When it comes to the success of the Switch, we’ve always talked about how integral the Wii U Evacuation Plan is.  But when the latest Super Smash Bros. was announced, we didn’t know whether it would be a port of the Wii U game or a new experience entirely, and it ended up being the latter and so much more. SO MUCH MORE. What Is It? Undoubtedly the biggest Nintendo release of the year, Super Smash Bros. Ultimate is exactly […]

Smash is back and once again, there’s so much happening!

When it comes to the success of the Switch, we’ve always talked about how integral the Wii U Evacuation Plan is.  But when the latest Super Smash Bros. was announced, we didn’t know whether it would be a port of the Wii U game or a new experience entirely, and it ended up being the latter and so much more. SO MUCH MORE.

What Is It?

Undoubtedly the biggest Nintendo release of the year, Super Smash Bros. Ultimate is exactly what the title says it is.  It’s the ultimate Super Smash Bros.

The game’s biggest selling point is the fact that it has every character that’s ever been in the series. That, and a whole lot more including, but not limited to, expansive soundtracks for each series every character appears in, almost every stage featured in the series, and just a whole lot of fan service.

Smash used to be a great time capsule and ode to Nintendo’s past, but now it’s just a celebration of all things gaming, in the form of a ridiculously fun party/fighting game.

Why Should I Care?

If you didn’t care about Smash before, Super Smash Bros. Ultimate won’t really do anything to change your mind.  While some aspects make it a better single player game than its most recent predecessor, it’s still very much the same game.  Front and center are the all-star fights you’ll be having with other video game characters with the object of the game still being knocking people out of the arena.

The Nintendo Switch doesn’t support trophies, but seeing a full character screen is probably more satisfying than getting a Platinum.

Controls are as tight as they’ve ever been with slight changes in air dodging and the redone “perfect shield” adding another facet to its tried-and-true yet hard to master gameplay.  While you no longer have access to the 3DS as a controller, the ability to use separated Joy-Cons, Joy-Cons together, the Pro Controller, and GameCube controllers once again ensure that you’re playing with your own style and comfort in mind.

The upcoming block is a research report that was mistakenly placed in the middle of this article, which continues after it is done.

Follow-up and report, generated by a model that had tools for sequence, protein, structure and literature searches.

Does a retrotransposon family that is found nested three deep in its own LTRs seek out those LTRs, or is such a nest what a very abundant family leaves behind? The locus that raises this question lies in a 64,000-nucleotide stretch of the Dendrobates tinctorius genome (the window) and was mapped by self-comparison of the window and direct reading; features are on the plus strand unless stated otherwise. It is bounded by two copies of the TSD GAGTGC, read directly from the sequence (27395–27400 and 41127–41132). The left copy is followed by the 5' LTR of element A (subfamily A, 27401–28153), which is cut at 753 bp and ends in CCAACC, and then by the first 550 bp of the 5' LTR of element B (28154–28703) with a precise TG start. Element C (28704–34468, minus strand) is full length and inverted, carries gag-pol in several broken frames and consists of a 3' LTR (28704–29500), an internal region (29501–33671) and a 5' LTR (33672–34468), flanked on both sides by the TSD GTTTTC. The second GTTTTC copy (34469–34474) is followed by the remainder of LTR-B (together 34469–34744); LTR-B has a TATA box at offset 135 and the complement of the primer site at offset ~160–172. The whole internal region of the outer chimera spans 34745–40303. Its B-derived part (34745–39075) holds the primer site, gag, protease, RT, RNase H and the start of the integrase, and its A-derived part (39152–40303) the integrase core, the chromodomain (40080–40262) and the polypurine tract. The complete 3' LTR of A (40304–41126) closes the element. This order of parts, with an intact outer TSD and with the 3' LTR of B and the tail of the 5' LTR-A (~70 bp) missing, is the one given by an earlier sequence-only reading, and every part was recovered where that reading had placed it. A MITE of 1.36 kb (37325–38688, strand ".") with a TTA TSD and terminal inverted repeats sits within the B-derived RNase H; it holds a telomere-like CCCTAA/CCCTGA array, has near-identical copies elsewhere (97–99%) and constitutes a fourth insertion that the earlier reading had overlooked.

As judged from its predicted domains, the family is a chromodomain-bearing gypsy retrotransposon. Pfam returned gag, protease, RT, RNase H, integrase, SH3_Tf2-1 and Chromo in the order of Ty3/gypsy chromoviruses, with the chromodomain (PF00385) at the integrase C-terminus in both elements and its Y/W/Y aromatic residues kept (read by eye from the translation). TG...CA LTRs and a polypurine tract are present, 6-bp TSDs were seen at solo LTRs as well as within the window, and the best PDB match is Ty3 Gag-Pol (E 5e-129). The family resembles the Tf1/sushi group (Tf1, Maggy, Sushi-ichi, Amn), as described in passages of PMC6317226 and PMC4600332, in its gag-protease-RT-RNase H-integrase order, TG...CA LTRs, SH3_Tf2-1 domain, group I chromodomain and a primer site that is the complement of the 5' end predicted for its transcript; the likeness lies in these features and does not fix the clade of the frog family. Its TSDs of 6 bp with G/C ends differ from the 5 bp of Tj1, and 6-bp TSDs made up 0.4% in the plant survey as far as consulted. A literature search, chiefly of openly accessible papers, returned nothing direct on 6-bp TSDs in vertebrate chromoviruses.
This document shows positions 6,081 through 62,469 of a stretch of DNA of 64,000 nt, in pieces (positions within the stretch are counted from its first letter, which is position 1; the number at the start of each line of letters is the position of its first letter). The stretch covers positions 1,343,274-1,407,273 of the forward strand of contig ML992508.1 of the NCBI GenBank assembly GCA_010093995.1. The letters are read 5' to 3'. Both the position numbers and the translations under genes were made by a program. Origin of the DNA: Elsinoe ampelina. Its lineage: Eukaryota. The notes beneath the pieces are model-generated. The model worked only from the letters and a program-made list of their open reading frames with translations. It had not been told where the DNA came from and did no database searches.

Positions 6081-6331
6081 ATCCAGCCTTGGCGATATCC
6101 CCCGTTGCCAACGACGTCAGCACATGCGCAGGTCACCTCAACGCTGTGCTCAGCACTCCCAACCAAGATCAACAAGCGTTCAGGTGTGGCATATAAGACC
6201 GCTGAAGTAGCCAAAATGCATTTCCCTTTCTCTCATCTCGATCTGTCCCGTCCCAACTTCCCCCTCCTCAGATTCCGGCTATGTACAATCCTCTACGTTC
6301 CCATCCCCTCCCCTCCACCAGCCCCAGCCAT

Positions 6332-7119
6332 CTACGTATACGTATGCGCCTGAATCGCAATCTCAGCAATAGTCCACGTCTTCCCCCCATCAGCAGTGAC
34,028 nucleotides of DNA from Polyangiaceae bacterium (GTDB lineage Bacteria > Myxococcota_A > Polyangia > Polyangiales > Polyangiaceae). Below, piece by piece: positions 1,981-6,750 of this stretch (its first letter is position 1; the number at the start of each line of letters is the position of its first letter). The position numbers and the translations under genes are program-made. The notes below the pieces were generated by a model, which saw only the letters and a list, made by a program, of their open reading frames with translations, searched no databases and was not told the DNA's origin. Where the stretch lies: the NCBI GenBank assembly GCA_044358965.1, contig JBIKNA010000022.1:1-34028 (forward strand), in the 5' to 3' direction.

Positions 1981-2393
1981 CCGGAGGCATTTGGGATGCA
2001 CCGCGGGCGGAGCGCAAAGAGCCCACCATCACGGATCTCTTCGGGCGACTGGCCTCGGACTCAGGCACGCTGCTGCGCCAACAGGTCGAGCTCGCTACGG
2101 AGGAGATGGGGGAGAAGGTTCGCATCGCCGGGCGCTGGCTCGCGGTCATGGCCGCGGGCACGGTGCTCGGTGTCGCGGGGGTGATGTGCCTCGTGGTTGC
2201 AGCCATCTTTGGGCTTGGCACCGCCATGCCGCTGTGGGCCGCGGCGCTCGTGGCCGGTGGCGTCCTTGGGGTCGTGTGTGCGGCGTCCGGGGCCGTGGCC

Probably the most debated facet of the game is the fact that when you first boot up the game, only the original eight characters from the original Super Smash Bros. will be at your disposal.  Not including the Piranha Plant or any of the upcoming DLC characters, Smash Ultimate boasts a 74-character roster.  So yes, that means you’ll have to spend quite a bit of time unlocking the 66 other characters.  This was done for a multitude of reasons, namely giving veterans the nostalgia of remembering what it was like to unlock everybody or to lengthen gameplay by making you constantly learn how to use other characters rather than going straight to your “main” — but the fact of the matter is that the first Smash only had four characters to unlock.  Yes, that number increased in Melee, Brawl, and Smash on the 3DS and Wii U, but still, 66 is a lot.  With that, unlocking all the characters will be most people’s first goal (of many) in the game, and the experience could easily be tainted with players finding shortcuts we won’t mention to achieve that goal.

Thankfully the main methods of unlocking characters has significantly been streamlined.  There are three primary ways of unlocking a character battle, and that’s done by playing hundreds of offline fights, completing Classic Mode with various characters, or by completing the World of Light adventure mode.  Each method will take quite a bit of time, but it’s hard to think of a bigger first world gaming problem than “there’s too much stuff to do and it takes too much time to do it.”

When “a new challenger approaches,” it’s your job to defeat the character in order to unlock that character.  If you lose, you’ll be able to get another chance through the Challenger Door that appears once in a while when browsing the single player options.

The menus are big and bold, but you should definitely explore each option to see what secrets every part in the game has in store that just make the game better.

The beauty of Smash Bros. is that you can tailor it to any play style and play however you want, and there’s been a slew of quality of life improvements to further enhance the experience.

Having so many characters in the game from different franchises opens a lot possibilities for fan service through all sorts of in-game means, but the most significant of which is in the game’s Spirits Mode, which is also easily the most convoluted thing we’ve seen in any Smash game, and it’s definitely not our favorite.

It can take a 2,000-word essay to fully explain what Spirits actually are, but here’s the gist: Spirits are essentially loot and items that you’ll find in RPGs, except they take the form of characters and objects from different video games.  They come in two forms, primary spirits and support spirits.  Primary spirits can be attached to any fighter you use in the game, and they can be further enhanced by support spirits.  Take the example we have in the screenshot below for instance. The electric Pokémon Ampharos is currently equipped as the Primary Spirit, with Fi and Kirby’s Robobot Armor attached to Ampharos and Support Spirits.  Various spirits can add all sorts of buffs or effects to a battle, and they can make battles a whole lot easier as you level them up.